Saturday, July 13, 2024

Weekly Indicators for July 8 - 12 at Seeking Alpha

 

 - by New Deal democrat


My “Weekly Indicators” post is up at Seeking Alpha.

The good news this past week on inflation was confirmed by the weekly data, and YoY nominal consumer spending hit a new high as well.

The good news cause bond yield to decline significantly, and stocks to make yet another all time high.

As usual, all of the details on the most up to the moment data are organized for you in the post, and clicking over and reading will reward me a little bit for doing so.

Friday, July 12, 2024

Real average nonsupervisory wages near, real aggregate nonsupervisory payrolls at, all-time highs

 

 - by New Deal democrat


Now that we have the CPI reading for June, we can calculate how average wag earners are doing in “real” terms.


First, real average hourly nonsupervisory wages increased 0.4% for the second straight month. On a YoY basis, they have risen slightly under 1.0%:



This is on par for average real wage growth for the past 30 years.

More importantly, in absolute terms after declining earlier this year, real average hourly wages are at their highest level since September 2021, and only 0.1% below that month and December 2020 for the highest all-time real wages excluding the three lockdown months that were subject to extreme labor force distortions (since so many more low wage workers were laid off compared with office workers):



Although I won’t bother with the long term graph, the previous all-time high in January 1973 was never exceeded before the pandemic. June’s reading was 0.7% higher than that.

Second, and perhaps even more importantly, real aggregate nonsupervisory payrolls rose 0.2% in June to another all time record high (blue in the graph below, right scale). On a YoY basis, they are up 2.3% (red, left scale):



I particularly like this metric because, not only does it measure the “real” well-being of average American workers, but it has been an infallible short leading indicator for the economy for almost the past 60 years, as shown in the pre-pandemic historical graph of the same information as above (note blue line is in log scale to better show shorter term trends):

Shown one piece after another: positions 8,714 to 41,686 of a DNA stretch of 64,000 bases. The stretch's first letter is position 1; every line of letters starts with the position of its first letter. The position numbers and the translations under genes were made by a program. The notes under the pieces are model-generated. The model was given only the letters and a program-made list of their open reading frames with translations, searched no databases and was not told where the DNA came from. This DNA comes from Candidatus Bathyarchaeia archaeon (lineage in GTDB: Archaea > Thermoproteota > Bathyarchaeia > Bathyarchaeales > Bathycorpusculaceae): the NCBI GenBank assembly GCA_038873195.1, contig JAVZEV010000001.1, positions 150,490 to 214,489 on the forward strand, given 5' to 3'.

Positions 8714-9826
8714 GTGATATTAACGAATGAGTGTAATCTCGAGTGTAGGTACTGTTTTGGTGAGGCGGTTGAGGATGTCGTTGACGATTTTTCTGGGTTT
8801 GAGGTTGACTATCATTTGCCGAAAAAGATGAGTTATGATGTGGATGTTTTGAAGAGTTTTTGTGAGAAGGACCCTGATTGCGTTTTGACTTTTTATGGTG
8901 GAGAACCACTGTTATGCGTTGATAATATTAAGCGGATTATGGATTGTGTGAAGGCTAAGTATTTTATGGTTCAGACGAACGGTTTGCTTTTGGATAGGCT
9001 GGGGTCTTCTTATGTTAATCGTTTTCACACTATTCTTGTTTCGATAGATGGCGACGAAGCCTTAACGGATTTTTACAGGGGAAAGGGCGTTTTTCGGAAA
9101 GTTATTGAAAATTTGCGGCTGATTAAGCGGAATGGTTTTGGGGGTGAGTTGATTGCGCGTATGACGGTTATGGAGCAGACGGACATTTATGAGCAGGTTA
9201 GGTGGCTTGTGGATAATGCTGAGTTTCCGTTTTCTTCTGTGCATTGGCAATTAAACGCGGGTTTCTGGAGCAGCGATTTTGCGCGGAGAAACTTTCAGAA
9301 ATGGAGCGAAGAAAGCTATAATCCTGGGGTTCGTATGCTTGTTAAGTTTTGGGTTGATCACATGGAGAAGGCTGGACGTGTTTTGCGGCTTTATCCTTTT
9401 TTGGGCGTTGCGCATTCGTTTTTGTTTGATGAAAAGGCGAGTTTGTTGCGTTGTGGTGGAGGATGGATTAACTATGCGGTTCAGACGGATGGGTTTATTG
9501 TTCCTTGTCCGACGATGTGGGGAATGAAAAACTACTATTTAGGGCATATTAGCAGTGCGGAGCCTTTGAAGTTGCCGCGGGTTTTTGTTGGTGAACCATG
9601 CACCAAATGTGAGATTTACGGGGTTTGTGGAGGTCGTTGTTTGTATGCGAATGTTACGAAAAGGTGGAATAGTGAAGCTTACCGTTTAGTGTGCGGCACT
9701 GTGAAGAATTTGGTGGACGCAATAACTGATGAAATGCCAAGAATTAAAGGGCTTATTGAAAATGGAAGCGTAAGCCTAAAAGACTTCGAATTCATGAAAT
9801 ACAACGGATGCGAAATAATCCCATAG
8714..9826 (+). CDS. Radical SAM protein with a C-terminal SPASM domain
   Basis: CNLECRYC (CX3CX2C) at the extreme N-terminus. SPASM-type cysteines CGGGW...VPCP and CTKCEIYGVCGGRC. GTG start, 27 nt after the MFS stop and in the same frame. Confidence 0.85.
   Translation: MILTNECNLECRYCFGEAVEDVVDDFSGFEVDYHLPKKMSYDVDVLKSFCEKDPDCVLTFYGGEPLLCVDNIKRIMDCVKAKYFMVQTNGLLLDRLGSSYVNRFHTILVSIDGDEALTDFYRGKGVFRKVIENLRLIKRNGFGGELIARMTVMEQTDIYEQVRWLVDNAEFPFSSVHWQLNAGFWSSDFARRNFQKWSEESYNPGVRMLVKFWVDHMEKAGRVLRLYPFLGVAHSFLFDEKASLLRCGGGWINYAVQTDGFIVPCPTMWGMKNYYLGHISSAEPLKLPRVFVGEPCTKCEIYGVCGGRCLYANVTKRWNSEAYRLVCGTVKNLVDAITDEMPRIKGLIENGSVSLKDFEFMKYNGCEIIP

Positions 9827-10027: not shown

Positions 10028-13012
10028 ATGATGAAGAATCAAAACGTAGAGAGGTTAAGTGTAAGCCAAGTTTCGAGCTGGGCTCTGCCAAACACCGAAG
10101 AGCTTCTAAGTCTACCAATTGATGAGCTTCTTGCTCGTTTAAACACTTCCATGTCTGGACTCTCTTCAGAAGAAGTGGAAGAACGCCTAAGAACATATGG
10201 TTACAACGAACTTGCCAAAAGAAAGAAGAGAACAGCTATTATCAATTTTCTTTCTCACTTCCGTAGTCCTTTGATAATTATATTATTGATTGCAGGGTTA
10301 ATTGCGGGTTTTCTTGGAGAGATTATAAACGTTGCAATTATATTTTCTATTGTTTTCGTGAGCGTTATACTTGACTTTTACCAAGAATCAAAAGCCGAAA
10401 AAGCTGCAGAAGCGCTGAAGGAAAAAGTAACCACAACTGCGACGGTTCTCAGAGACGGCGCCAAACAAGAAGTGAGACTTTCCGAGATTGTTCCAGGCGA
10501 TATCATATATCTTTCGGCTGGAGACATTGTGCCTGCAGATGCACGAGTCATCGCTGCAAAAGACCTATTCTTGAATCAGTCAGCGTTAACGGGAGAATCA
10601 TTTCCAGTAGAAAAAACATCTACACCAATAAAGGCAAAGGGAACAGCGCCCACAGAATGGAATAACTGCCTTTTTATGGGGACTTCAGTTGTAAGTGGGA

To recap what I have written previously, not only have absolute real payrolls always peaked at least several months before a recession, but the rolling over process has tended to be gradual rather than sudden. And on a YoY basis, real aggregate wages almost always turn negative within two months before or after the onset of a recession.

As shown in the first graph above, real aggregate nonsupervisory payrolls show no signs of rolling over. That is an excellent indication that the expansion has some time to go.

While I am at it, here is the latest monthly estimate through May of real median household income from Motio Research:



Per their calculations, real median household income is 0.2% its all-time non-lockdown high set this March.

Thursday, July 11, 2024

A somnolent consumer price report, with headline YoY inflation marginally under 3%, tests whether 2% inflation is a target or a ceiling for the Fed

 

 - by New Deal democrat


Consumer prices in June failed to show any inflation at all for the second month in a row, as they declined -0.1% following an unchanged reading in May. On a YoY basis inflation decelerated -0.3% to 3.0% (technically 2.98% if you go out one further decimal point), the lowest YoY increase since March 2021. 

For the record, “core” inflatioin less food and energy increased 0.1%, the lowest monthly increase since January 2021. On a YoY basis it was higher by 3.3%, the lowest since April 2021.  Here is the YoY% change in both headline (blue) vs. “core” (red) inflation:



As usual, the price of gasoline and the imputed price of shelter were the primary components, as energy declined -2.0% for the month, while shelter increased 0.2%, the lowest monthly increase in that component since February 2021. Here are the monthly (blue, right scale) and YoY (red, left scale) % changes in the shelter index:



On a YoY basis, imputed shelter inflation was 5.1%, the lowest since March 2022.


Shelter has continued to behave just as I expected. Here is an update to the 12-18 month leading relationship between house prices (as measured by the FHFA) and Owners’ Equivalent Rent in the CPI:


 
 House prices are currently increasing a little higher than their average pre-pandemic rate (because, ironically, the Fed’s rate hikes have exacerbated a shortage in housing supply, thereby driving up its price), which has translated to OER and the other measures of shelter inflation to continue to decelerate YoY, but at a much slower pace than their initial rapid decline. I expect this trend to continue in the coming months.